The camps were set up in the aftermath of September’s communal violence
Three months after the high-profile visits of Prime Minister Manmohan Singh, Congress President Sonia Gandhi to various relief camps, riot-affected Muslims belonging to at least half-a-dozen villages are still to return to their native villages.
Large scale violence that erupted in this sugarcane belt in August-September this year has a left deep scar on the psyche of these villagers who are ready to face harsh winters ahead rather than leave their camps and move back to their homes which lie burnt and vandalised.
Living in tents measuring 36 sq. feet with no proper facilities, riot-affected face uncertain future. Children, most suffering from cough and cold, are no longer going to schools, men folk have no job surety while women in camps are finding it difficult to gather whatever is left and start their family life afresh. Fear of recurrence of violence is the biggest reason that is stopping them from moving out and lead a normal life even as several await settlement of their relief claims as promised by the State government.
“We were forced to leave our ‘pucca’ houses and all our belongings behind to move in these hutments…Now we are living under the open sky and left to brave harsh winter. We cannot go back as we fear for our lives…We are living like refugees in our own land. Administration has also stopped supplying relief after distributing relief too only half the people. For us, health and education are all secondary issues; we are fighting for our lives though three months have passed since riots broke out,” rues septuagenarian Jarifan of twin village of Kutba-Kutbi now living in Bassi Kalan camp with 100-odd hutments running from inside a ‘madarsa’ where Dr. Singh and Sonia Gandhi visited.
Similar is the story of other camps operational in villages Loi, Malakpura and Jwala. But district administration claims that only Loi camp is still operational and majority of compensation cases have been settled in other places.
Braving harsh winter
Asked how they are gearing up to face the winters, Irfan, who used to work as a daily wager, says he cannot wait longer for government to help him. He plans to move to Delhi to do some odd jobs and send some money back home so that they can rent a room in the village. But he is worried about his younger brother Nadeem, who was studying is eight standard when he was forced to leave his village. “My father is too old to work, but at least I am assured that people of my community will help him...I wanted my brother to study and join some government job, but now that dream is also over. He will also have to work to help the family earn some money,” he adds.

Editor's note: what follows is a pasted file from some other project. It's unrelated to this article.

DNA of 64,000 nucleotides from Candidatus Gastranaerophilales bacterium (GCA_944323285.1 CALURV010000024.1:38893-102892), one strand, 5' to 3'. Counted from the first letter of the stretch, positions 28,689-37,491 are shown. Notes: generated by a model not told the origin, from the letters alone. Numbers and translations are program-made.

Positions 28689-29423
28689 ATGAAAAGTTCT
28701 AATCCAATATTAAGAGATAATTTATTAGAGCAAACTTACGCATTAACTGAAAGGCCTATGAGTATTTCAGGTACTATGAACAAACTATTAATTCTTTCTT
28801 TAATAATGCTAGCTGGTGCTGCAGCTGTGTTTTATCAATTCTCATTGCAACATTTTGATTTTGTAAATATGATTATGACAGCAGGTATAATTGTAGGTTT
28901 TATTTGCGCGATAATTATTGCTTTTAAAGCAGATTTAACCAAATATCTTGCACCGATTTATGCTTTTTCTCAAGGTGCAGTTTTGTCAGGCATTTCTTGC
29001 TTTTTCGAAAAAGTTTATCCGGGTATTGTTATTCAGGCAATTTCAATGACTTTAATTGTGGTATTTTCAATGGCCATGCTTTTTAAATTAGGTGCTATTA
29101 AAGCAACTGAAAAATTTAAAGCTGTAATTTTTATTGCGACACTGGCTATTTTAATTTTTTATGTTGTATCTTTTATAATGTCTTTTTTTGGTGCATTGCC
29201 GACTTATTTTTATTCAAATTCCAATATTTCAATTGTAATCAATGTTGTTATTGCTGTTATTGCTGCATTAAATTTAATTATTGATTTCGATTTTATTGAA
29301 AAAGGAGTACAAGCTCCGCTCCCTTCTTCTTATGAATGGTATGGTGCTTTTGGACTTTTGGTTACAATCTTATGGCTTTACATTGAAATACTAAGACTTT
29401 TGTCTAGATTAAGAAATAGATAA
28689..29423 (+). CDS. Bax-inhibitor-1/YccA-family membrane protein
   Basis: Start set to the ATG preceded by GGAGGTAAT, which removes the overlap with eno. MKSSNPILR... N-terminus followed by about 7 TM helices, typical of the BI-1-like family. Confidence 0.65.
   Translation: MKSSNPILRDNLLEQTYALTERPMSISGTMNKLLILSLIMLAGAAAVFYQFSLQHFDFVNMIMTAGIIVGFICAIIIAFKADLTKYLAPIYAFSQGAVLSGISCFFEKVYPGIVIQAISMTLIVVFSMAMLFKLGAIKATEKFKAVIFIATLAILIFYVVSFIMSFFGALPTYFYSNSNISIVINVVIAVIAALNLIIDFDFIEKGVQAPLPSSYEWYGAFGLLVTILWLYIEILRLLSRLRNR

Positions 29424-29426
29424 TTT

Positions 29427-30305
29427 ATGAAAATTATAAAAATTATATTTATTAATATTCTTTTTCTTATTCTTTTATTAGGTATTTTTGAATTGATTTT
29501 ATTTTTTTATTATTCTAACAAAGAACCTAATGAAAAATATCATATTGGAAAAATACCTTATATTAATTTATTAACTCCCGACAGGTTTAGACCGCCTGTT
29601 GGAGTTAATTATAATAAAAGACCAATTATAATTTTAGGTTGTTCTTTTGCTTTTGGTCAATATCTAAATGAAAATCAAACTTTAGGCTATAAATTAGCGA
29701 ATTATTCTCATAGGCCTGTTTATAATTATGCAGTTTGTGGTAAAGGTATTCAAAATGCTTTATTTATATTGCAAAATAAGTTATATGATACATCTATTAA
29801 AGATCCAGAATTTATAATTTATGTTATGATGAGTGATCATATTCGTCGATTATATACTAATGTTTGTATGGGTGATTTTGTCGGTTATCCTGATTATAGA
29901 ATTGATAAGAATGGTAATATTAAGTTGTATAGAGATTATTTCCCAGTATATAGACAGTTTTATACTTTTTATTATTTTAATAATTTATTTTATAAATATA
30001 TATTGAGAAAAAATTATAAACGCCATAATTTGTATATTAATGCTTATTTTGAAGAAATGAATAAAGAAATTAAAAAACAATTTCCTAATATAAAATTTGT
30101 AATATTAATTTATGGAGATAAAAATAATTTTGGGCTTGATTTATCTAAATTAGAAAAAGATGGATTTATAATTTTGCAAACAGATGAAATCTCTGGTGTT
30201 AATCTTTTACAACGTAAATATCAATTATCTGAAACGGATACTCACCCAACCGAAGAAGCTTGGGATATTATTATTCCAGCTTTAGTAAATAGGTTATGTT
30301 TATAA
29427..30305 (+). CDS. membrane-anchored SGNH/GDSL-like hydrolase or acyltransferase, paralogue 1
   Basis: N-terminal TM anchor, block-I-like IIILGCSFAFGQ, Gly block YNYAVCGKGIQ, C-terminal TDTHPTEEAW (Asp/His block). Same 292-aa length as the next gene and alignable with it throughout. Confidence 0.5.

Another controversy that has broken out is regarding the distribution of compensation as victims claim that the district administration has not done justice to many families. While riot-affected want each married couple to be considered as a separate family for compensation, district administration is going by the State government rules which say only the head of family living under one roof would be giving the relief. But people like Ali Hasan says he was living separately from his father so he should be granted Rs.5 lakh as given to other people. “I lost my shop, I am displaced, and now I am not even getting the money…My life is ruined,” he adds.
But Muzaffarnagar District Magistrate Kaushal Raj Sharma and Bassi Kalan ‘pradhan’(head) Mursalim have refuted these claims. They say that displaced people later disassociated themselves from their father to get extra compensation. “We have done survey to find out that their claims are false…They used to live in a joint family and hence only one member of the family was given the money. We have settled 90 per cent claims, but now more are coming forward demanding the money.” Kumar, the ‘pradhan’, who is helping people of Kutba-Kutbi, also acknowledges that most of the families have got the compensation and only 20-odd remains.